Notice that I’m using fts_searcher as the user. I know that fts_searcher shouldn’t have permission to create indexes, so I would expect a 403. And that’s just what I get.

{
  "message": "Forbidden. User needs one of the following permissions",
  "permissions": [
    "cluster.bucket[travel-sample].fts!write"
  ]
}

So, while the authentication worked, that user doesn’t have the necessary authorization.

Creating an index with authorization

I’ll try again with fts_admin:

And assuming an index named 'hotels' doesn’t already exist, you’ll get a 200, and this in the body of response:

{
  "status": "ok"
}

Using the FTS index

Next, let’s use the REST API to search the index for the word 'breakfast'.

First, make a POST to the /api/index/hotels/query endpoint, again with the proper credentials and port number.

or

Both users should be able to execute a search using that index.

Next, in the body of the POST should be a simple JSON object. Again, you don’t normally have to create this by hand — your SDK of choice or the Web Console UI can do this for you.

{
  "explain": true,
  "fields": [
    "*"
  ],
  "highlight": {},
  "query": {
    "query": "breakfast"
  }
}

Finally, the result of this search request will be a large JSON response. Look within the "hits" sub-document for "fragments" to verify that the search worked. Here’s a snippet of my search for "breakfast". Again, the full result is on Github.

// ... snip ...

        "reviews.content": [
          "… to watch TV. <mark>Breakfast</mark> was served every morning along with a copy of the Times-Picayune. I took my <mark>breakfast</mark> downstairs in the patio, the coffee was very good. The continental <mark>breakfast</mark> is nothing to…"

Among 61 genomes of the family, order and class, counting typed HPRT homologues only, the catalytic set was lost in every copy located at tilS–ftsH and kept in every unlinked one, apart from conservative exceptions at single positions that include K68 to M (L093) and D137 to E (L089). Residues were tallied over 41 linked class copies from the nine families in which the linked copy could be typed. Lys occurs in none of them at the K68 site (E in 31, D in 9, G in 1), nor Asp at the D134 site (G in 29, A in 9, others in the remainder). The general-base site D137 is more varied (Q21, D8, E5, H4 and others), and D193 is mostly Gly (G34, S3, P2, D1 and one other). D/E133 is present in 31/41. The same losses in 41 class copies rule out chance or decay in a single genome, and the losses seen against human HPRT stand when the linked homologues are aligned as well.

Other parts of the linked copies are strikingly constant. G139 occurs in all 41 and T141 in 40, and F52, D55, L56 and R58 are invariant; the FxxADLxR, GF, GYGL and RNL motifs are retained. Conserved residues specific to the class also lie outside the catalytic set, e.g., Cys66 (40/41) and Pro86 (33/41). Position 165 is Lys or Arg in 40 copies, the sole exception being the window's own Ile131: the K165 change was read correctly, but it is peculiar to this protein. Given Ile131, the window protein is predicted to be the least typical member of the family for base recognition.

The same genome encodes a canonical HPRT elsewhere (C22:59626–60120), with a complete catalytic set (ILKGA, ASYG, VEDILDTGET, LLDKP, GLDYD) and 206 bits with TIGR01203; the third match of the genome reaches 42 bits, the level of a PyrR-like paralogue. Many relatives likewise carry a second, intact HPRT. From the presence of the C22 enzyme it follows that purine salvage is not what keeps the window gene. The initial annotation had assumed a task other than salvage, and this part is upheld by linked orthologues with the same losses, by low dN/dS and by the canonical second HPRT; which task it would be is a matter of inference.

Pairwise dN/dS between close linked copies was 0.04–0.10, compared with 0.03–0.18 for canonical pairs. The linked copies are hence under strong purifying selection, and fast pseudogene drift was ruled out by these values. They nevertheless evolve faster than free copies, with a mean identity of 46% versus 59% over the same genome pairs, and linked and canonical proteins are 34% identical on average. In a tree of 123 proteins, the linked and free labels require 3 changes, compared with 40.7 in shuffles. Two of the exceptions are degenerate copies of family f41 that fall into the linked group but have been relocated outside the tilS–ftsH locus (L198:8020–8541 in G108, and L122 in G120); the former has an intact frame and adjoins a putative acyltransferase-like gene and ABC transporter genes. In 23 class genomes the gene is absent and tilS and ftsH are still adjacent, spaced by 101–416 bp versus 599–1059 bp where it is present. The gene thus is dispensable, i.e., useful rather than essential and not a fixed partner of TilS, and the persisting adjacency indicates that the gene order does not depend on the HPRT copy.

]
      },

// ... snip ...

This is a preview, expect some bugs!

There are some bugs and some incomplete features.

  • I’ve shown FTS roles here on purpose. This is because the other roles are not yet fully formed. Please try them out, let us know what you think, but remember they are not in their final form. FTS is closest to ready.

  • I’ve seen some issues when logging in as a non-admin user causes the web console to behave badly. Because of this, I showed the REST example above instead of relying on the UI.

  • Finally, there might be other bugs that we don’t know about yet. Please let us know! You can file an issue in our JIRA system at issues.couchbase.com or submit a question on the Couchbase Forums. Or, contact me with a description of the issue. I would be happy to help you or submit the bug for you (my Couchbase handlers send me a cake pop when I submit a good bug).

If you have questions, the best way to contact me is either Twitter @mgroves or email me matthew.groves@couchbase.com.

Ryan Lanciaux is using Griddle to show grids with React.

Show Notes:

Ryan Lanciaux is on Twitter

Want to be on the next episode? You can! All you need is the willingness to talk about something technical.